Letter: WTO meeting must renew ban on data flow rights


Valdis Dombrovskis, the European Commissioner for Trade, pleads in favor of launching a concerted effort to reform the World Trade Organization (“We must not miss this opportunity to reform the WTO”, Opinion, 26 November).

More than two decades after its last major overhaul, WTO rules are certainly ripe for renewal – not least, as Dombrovskis rightly notes, to maximize the contribution of trade to achieving global climate goals.

But this should not be interpreted as suggesting that all is rotten in the state of the WTO: in fact, preserving key elements of the multilateral trading system will be an equally important task for trade ministers in Geneva this week.

In particular, ministers will have to decide whether or not to renew the WTO moratorium on electronic commerce. This technical agreement has played a central, but often overlooked, role in the expansion of the Internet by keeping cross-border data flows duty-free.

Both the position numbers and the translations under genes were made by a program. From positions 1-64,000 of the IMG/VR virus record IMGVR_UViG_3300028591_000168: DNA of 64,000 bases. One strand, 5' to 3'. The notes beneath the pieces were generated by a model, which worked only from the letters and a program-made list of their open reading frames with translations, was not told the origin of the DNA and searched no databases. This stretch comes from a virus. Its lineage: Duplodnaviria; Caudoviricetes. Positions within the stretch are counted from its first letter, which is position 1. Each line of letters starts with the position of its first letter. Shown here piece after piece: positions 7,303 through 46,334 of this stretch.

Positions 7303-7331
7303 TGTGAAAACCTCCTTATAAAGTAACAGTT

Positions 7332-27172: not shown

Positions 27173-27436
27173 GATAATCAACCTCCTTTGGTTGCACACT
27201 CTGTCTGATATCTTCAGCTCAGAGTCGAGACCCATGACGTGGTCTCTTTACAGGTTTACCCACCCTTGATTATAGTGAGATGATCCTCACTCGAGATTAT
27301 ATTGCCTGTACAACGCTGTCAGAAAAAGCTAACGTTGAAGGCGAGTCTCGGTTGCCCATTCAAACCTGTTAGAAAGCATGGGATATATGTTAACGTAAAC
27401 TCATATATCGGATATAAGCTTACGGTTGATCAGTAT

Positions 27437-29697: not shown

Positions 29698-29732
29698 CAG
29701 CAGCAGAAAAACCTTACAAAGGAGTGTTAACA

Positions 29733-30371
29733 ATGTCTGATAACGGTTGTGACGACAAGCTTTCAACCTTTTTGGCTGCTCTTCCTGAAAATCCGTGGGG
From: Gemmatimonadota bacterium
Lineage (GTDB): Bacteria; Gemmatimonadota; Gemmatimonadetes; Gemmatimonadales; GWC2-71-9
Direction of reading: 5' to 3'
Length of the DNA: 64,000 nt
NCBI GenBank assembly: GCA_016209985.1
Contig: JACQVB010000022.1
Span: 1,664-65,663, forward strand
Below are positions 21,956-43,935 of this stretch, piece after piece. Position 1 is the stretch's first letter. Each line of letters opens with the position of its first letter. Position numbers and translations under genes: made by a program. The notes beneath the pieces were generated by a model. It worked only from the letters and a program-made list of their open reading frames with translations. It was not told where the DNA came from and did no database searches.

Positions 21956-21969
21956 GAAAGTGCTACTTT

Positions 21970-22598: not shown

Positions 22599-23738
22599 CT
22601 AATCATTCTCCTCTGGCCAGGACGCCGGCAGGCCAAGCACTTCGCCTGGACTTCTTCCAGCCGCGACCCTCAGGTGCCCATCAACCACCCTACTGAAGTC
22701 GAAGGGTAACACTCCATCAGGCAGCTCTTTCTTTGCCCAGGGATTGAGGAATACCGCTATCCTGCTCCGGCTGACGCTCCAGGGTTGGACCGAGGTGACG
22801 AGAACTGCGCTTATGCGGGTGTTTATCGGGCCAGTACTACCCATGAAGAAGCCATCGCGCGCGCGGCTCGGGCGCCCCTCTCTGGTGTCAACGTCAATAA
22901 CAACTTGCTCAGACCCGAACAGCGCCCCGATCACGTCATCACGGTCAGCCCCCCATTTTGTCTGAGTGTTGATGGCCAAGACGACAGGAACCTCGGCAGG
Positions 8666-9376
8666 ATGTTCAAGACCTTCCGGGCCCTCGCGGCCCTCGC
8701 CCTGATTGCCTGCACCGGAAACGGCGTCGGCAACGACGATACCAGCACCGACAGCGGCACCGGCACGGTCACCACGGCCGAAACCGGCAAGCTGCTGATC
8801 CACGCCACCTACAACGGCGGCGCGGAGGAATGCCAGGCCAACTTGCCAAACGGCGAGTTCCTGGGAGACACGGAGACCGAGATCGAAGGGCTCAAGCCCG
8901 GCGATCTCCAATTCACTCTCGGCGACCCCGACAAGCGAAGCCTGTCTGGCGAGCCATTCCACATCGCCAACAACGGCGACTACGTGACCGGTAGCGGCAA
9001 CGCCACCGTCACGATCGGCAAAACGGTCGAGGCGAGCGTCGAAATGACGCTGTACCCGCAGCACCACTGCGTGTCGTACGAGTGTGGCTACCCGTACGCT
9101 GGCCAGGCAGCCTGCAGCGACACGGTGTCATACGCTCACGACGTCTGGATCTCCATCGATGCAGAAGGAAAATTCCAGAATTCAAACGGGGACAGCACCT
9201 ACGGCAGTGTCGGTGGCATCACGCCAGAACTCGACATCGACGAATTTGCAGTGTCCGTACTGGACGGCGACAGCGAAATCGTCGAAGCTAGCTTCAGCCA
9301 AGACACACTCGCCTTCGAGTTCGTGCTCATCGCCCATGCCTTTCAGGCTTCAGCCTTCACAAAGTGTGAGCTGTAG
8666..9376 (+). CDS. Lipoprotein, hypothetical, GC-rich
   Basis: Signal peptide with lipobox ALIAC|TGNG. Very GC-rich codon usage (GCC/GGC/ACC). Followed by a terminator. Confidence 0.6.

Despite the compelling logic of preserving this status quo, it is deeply worrying that negotiations over the future of the moratorium appear to be hanging on a razor sharp edge with just a few days to reach an agreement.

Many social media stars have metaphorically claimed in recent years that their content has “broken the internet.” It is by no means an exaggeration to suggest that trade ministers might inadvertently do this in a much more real way if the WTO ban on imposing duties on data flows expires.

John WH Denton
Secretary General, International Chamber of Commerce, Paris, France


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